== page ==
7 Report Options Tab The following options control the format of the reports. Report Options Variable Names Specify whether to use variable names, variable labels, or both to label output reports. In this discussion, the variables are the columns of the data table. Names Variable names are the column headings that appear on the data table. They may be modified by clicking the Column Info button on the Data window or by clicking the right mouse button while the mouse is pointing to the column heading. Labels This refers to the optional labels that may be specified for each column. Clicking the Column Info button on the Data window allows you to enter them. Both Both the variable names and labels are displayed. Comments 1. Most reports are formatted to receive about 12 characters for variable names. 2. Variable Names cannot contain blanks or math symbols (like + - * /.,), but variable labels can. Value Labels Value Labels are used to make reports more legible by assigning meaningful labels to numbers and codes. The options are Data Values All data are displayed in their original format, regardless of whether a value label has been set or not. Value Labels All values of variables that have a value label variable designated are converted to their corresponding value label when they are output. This does not modify their value during computation. Both Both data value and value label are displayed. Example A variable named GENDER (used as a grouping variable) contains 1 s and 2 s. By specifying a value label for GENDER, the report can display Male instead of 1 and Female instead of 2. This option specifies whether (and how) to use the value labels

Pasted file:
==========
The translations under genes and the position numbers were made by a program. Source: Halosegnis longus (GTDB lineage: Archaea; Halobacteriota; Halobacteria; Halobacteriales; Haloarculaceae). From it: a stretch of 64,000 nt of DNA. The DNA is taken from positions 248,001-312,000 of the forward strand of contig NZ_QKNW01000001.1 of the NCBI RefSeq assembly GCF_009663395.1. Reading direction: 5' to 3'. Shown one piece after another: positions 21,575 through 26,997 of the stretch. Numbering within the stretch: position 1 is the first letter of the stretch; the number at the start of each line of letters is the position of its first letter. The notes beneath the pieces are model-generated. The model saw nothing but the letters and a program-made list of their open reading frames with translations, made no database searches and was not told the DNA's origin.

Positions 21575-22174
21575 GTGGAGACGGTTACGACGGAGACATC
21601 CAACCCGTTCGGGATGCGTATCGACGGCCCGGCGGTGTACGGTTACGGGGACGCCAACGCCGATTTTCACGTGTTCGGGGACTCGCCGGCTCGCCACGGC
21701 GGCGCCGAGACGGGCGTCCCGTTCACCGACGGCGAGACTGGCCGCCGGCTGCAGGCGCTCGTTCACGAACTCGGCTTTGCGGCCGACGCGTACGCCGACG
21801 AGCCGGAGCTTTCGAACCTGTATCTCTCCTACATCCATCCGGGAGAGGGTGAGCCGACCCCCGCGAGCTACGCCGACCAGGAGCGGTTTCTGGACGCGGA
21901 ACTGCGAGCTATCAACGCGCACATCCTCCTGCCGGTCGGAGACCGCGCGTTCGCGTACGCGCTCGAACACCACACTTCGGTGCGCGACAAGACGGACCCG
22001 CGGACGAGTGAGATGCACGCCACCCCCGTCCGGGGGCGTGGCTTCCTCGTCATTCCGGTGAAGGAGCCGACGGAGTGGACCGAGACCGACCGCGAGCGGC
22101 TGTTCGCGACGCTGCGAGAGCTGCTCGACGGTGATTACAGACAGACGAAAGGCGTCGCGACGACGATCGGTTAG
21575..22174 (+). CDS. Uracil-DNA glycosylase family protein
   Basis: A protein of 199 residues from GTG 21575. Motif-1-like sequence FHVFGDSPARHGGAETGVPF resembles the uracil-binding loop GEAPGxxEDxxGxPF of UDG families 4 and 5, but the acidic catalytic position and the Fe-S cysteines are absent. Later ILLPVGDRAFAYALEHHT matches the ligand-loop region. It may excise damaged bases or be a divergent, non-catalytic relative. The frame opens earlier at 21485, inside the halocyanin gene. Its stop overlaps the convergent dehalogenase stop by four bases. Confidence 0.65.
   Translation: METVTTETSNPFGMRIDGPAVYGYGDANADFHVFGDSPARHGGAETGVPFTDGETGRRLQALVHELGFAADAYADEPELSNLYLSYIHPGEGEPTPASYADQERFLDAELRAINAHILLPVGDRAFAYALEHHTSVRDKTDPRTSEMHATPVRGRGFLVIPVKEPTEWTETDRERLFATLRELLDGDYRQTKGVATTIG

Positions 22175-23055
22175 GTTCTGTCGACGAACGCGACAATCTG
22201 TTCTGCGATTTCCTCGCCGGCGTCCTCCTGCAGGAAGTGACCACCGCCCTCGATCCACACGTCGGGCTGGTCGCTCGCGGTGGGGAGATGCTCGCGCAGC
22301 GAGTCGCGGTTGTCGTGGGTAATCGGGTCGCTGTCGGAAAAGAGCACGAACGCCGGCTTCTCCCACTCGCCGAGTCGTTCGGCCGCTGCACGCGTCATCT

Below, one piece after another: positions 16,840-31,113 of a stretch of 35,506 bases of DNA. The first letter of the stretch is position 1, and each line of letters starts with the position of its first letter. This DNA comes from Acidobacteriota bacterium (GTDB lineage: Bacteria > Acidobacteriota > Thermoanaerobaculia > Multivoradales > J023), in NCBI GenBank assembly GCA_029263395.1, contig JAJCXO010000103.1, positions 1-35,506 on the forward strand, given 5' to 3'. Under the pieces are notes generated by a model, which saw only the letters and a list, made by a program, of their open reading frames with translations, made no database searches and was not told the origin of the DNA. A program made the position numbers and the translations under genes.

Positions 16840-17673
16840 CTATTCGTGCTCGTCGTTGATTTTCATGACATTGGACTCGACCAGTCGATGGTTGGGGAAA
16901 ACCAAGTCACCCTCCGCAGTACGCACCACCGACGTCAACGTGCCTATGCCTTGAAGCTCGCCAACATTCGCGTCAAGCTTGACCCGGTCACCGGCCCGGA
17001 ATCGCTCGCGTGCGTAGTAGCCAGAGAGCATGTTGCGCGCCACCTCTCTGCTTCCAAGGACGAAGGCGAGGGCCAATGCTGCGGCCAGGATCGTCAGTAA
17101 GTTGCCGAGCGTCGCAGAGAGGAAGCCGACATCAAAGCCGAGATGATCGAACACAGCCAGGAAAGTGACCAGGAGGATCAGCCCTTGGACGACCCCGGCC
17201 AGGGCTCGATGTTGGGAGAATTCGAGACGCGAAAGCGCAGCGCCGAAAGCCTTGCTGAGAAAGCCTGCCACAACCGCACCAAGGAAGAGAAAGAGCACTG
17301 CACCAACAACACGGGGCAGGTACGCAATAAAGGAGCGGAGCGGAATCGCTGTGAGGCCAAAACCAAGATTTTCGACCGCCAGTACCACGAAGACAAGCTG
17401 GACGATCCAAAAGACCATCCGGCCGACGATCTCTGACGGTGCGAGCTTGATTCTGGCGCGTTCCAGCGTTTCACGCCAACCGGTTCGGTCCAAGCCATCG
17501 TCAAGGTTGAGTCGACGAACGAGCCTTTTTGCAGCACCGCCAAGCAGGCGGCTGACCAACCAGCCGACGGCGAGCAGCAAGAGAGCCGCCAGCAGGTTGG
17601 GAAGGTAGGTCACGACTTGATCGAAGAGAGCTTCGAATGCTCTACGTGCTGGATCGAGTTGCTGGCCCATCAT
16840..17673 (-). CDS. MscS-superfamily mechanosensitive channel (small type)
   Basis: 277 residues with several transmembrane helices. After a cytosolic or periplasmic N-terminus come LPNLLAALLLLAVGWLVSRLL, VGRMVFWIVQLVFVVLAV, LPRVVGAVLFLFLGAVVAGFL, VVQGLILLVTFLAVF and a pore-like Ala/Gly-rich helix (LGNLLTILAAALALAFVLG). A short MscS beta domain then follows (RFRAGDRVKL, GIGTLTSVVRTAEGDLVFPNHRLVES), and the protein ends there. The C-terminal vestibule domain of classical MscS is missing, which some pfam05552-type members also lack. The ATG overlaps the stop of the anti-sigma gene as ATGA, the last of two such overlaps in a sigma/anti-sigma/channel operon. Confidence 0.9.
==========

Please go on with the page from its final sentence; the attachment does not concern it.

8 Table Formatting Column Justification Specify whether data columns in the tables will be left or right justified. Column Widths Specify how the widths of columns in the tables will be determined. The options are Autosize to Minimum Widths Each data column is individually resized to the smallest width required to display the data in the column. This usually results in columns with different widths. This option produces the most compact table possible, displaying the most data per page. Autosize to Equal Minimum Width The smallest width of each data column is calculated and then all columns are resized to the width of the widest column. This results in the most compact table possible where all data columns have the same with. This is the default setting. Custom (User-Specified) Specify the widths (in inches) of the columns directly instead of having the software calculate them for you. Custom Widths (Single Value or List) Enter one or more values for the widths (in inches) of columns in the tables. This option is only displayed if Column Widths is set to Custom (User-Specified). Single Value If you enter a single value, that value will be used as the width for all data columns in the table. List of Values Enter a list of values separated by spaces corresponding to the widths of each column. The first value is used for the width of the first data column, the second for the width of the second data column, and so forth. Extra values will be ignored. If you enter fewer values than the number of columns, the last value in your list will be used for the remaining columns. Type the word Autosize for any column to cause the program to calculate it's width for you. For example, enter 1 Autosize 0.7 to make column 1 be 1 inch wide, column 2 be sized by the program, and column 3 be 0.7 inches wide. Wrap Column Headings onto Two Lines Check this option to make column headings wrap onto two lines. Use this option to condense your table when your data are spaced too far apart because of long column headings